An old friend of mine was recently praised in the NY Times for leading what a music review called “the best ‘Messiah’ in New York.” One of the pleasures of living in Philadelphia is indulging in a kind of ironic smugness that pities New Yorkers for having to worry about where to find the best Messiah. How do they manage?
My old friend and I grew up singing ‘Messiah’ in the same church, and I have no doubt that the version of the oratorio he leads is exquisite. The reviewer made two deeply telling observations about the performance. He wrote that as led by my friend, the “formal concert became a collective rite,” which is lovely thing to say about a concert of sacred music. And about the arias, which were sung not by operatic soloists, but by rank and file members of the choir, the reviewer wrote that they “were transformed beyond the usual displays of sumptuous vocalism; they were urgent, even desperate communication.” I can hardly think of more poignant praise, considering the work in question. (“NY Times, 6 December, 2018, by Zachary Woolfe, “This is the Best ‘Messiah’ in New York”)
The search for the “best Messiah” provides a nice turn of phrase for the religious context in which we live these days. Americans are less and less interested in what institutional religion teaches about God, or Jesus, or any other relational arrangements of the divine. That is to say, people care less and less about what preachers have to tell them from pulpits. Which is to say, that I know quite literally where I stand. The current trend looks to me a bit more like an individualistic search for the best messiah you can find, to borrow the phrase from the Times. Find a messiah that works for you and stick with it as long as it works. But if your messiah stops working for you, or you grow tired of it, or it lets you down, then go out and look again for a new messiah. Maybe the best one for the rest of New York or Philadelphia isn’t the best messiah for you. But there are plenty of them out there; just find the messiah that seems best for you. If only God was an oratorio.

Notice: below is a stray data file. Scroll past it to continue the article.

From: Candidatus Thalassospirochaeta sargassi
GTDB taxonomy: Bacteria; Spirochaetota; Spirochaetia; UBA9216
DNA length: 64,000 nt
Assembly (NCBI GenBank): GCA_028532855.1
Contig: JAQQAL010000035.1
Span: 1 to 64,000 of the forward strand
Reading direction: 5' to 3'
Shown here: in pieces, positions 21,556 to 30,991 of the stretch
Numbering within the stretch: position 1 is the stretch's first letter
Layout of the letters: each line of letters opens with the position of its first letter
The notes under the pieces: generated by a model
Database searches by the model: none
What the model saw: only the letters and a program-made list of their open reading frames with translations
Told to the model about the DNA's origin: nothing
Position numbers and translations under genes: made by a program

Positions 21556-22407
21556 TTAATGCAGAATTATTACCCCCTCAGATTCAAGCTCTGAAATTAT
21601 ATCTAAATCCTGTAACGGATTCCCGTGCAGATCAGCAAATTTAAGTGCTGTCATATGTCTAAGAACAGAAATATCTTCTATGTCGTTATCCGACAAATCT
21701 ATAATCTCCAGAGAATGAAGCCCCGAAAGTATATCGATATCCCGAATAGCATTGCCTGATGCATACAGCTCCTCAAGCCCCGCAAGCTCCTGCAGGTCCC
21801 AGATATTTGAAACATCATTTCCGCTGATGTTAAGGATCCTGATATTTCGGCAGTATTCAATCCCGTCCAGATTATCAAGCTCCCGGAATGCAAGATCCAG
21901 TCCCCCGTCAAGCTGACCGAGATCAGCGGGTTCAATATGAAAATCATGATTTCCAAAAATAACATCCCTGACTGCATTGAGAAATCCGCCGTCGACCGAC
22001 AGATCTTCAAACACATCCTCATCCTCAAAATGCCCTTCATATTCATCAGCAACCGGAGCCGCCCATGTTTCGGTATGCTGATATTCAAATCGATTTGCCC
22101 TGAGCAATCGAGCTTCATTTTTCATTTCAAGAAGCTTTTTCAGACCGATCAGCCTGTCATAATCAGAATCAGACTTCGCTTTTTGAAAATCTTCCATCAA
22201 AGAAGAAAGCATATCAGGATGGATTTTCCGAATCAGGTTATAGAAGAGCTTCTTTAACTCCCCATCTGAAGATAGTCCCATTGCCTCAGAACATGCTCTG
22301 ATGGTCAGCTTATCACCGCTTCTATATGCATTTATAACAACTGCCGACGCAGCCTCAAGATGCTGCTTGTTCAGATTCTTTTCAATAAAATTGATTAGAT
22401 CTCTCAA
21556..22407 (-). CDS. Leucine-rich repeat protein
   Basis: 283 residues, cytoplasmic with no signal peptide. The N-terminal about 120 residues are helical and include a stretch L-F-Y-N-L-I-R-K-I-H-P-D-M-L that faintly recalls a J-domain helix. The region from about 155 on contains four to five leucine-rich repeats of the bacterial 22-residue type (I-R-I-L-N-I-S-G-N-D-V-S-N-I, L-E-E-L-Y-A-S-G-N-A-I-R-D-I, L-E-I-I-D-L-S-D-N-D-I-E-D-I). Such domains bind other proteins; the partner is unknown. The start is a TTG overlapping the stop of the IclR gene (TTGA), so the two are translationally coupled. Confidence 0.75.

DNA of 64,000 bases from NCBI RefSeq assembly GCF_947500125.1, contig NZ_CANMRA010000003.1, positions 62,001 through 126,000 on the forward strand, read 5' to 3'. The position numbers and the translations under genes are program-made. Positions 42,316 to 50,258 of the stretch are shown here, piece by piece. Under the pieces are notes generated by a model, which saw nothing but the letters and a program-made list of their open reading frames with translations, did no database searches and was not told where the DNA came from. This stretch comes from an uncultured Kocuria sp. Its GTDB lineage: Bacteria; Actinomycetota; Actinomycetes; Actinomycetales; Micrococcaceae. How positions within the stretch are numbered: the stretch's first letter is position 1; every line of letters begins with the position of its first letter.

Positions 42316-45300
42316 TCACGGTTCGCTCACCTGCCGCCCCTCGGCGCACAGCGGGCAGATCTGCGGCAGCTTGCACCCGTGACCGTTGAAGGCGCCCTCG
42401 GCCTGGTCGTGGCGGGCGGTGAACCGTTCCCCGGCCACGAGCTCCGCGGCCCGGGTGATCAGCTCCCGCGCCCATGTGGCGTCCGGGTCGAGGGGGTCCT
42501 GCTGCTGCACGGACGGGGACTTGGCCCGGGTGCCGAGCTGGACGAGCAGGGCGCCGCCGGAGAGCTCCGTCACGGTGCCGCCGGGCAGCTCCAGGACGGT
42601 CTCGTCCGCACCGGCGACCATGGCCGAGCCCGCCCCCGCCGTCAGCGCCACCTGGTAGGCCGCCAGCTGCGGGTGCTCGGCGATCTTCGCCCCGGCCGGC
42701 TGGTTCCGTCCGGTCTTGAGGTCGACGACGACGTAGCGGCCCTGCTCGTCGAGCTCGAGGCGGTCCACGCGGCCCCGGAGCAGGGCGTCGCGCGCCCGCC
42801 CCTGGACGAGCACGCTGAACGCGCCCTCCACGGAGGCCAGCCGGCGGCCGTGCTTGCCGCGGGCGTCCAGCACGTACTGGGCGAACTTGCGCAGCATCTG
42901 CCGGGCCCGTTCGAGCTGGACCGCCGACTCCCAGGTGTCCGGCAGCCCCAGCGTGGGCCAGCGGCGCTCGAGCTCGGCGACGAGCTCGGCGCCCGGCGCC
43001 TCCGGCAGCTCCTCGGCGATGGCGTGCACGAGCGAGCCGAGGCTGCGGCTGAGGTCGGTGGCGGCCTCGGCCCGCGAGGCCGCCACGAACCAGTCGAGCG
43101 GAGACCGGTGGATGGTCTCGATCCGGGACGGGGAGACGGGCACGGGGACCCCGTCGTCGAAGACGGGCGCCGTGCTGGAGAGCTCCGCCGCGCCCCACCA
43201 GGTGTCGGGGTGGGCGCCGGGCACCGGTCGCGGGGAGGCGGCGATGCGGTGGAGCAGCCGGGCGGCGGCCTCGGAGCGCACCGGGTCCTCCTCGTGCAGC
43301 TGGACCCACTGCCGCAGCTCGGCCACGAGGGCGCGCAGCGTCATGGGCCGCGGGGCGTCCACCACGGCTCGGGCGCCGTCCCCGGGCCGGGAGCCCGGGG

Something about the particular performance of the oratorio that reviewer wrote about in the Times transformed it from a concert to a “collective rite.” I think what he meant was that it became a kind of religious experience that was clearly and deliberately performed for the glory of God. But you can’t say that about a concert in the pages of the New York Times, so you have to call it “a collective rite.”
And something about the singing of those soloists transformed the arias into “urgent, even desperate communication.”
Every valley shall be exalted, and every mountain and hill made low.
But who may abide the day of his coming?
O thou that tellest good tidings to Zion; arise, shine, for thy light has come!
The people that walked in darkness have seen a great light.
How marvelous to hear in these prophetic words the urgent, desperate communication they are surely meant to convey.
One text that Handel did not set to music in his oratorio is the well known passage from Philippians that we heard today: “Rejoice in the Lord always, and again I say rejoice.” I must confess that in all the years I have heard and read and sung these words, I have never once found anything urgent or desperate in them.